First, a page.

Thursday, November 16, 2017

How All Freight Vessels Can Improve Their Fuel Efficiency

Regular Propeller Maintenance is Key
Shipping News Feature
WORLDWIDE – With global shipping being responsible for a considerable amount of the world's greenhouse gas emissions there is increasing pressure for shipping lines to clean up their act. From novel ship designs to company-led initiatives, a host of methods are being employed or examined to see how the industry can deal with the menace of pollution. Now one maintenance company has revealed how all ships can improve their overall fuel consumption by altering their maintenance regime.

Research by Hydrex Underwater Technologies has shown a better way of maintaining ship propellers to achieve maximum propulsion efficiency. The traditional approach is to let the propeller foul and build up a calcareous growth and polish the propellers once or twice a year underwater or in dry dock. Usually, a grinding disk is used which can potentially damage the propeller blades, removing a substantial amount of metal. Hydrex say that this can alter the shape and efficiency of the propeller, cause roughness and increase, rather than reduce, friction. It is also a major source of marine pollution which is a problem in many ports. Dave Bleyenberg, Hydrex Production Executive, said:

“We discovered that more frequent, lighter buffing of the propeller is the optimum approach to propeller maintenance. This is done using a different tool to a grinding disk to buff the propeller before any calcareous layers build up and cavitation erosion impacts efficiency. If done correctly and regularly we can achieve 5% or more in fuel consumption, which more than offsets the cost of this propeller maintenance process.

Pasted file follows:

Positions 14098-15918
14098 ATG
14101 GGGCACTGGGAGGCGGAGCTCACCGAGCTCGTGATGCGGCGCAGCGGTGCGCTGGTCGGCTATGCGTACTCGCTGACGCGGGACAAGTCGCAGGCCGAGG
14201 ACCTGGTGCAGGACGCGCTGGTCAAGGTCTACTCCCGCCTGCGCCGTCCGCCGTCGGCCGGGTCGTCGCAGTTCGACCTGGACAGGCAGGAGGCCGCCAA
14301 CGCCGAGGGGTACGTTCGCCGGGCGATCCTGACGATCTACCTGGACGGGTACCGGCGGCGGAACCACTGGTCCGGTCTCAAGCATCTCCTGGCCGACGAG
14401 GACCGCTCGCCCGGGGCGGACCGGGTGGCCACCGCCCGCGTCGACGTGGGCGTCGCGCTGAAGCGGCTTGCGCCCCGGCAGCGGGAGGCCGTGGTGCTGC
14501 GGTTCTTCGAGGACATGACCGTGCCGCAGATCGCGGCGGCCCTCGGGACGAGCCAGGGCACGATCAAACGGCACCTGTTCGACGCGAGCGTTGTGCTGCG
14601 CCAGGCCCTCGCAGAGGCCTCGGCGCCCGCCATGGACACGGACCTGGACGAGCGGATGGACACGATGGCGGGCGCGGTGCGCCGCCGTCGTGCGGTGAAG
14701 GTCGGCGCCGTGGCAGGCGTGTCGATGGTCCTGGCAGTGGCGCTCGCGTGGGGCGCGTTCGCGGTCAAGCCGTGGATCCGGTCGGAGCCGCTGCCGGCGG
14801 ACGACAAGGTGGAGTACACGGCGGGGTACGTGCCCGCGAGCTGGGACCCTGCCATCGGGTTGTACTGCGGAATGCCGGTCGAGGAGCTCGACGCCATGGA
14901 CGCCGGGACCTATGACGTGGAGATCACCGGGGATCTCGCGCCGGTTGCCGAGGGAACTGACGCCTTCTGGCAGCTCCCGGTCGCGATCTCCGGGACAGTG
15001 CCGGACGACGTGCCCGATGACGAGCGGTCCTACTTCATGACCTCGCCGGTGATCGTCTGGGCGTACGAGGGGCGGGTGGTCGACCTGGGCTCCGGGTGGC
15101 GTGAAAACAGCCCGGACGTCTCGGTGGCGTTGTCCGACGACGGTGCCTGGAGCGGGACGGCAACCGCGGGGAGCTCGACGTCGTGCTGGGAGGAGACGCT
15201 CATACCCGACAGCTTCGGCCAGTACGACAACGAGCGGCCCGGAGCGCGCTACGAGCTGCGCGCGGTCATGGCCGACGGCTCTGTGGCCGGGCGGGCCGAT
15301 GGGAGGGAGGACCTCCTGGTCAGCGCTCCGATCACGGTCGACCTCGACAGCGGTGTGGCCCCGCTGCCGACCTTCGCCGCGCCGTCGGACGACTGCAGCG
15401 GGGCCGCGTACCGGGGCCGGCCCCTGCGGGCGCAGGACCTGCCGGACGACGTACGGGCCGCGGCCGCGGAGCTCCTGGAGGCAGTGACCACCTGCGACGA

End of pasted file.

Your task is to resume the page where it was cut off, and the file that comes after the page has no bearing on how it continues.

“Because the propeller is being buffed regularly, the cleaning is light and quick. No material is ground away, which is excellent for the propeller and the environment. The propeller is kept in an ultra-smooth condition and this is where the fuel savings are achieved.

“Many of our customers who have used this service have noticed a remarkable difference in their fuel efficiency after each cleaning. One Chief Engineer told me: ‘you can clearly tell the difference in a ships’ performance after Hydrex has done its thing’.”

A recent experiment was carried out on a 134m cruiseship, where the propellers were maintained using this technique and regular buffing employed. Fuel saving calculations showed that on a 30-hour trip from Aruba to Barbados, the cruiseship saved $2,100 in fuel compared to the same trip operating with rough propellers. Hydrex state that the fuel saving of more than 5% was a direct result of the more effective propeller maintenance procedure.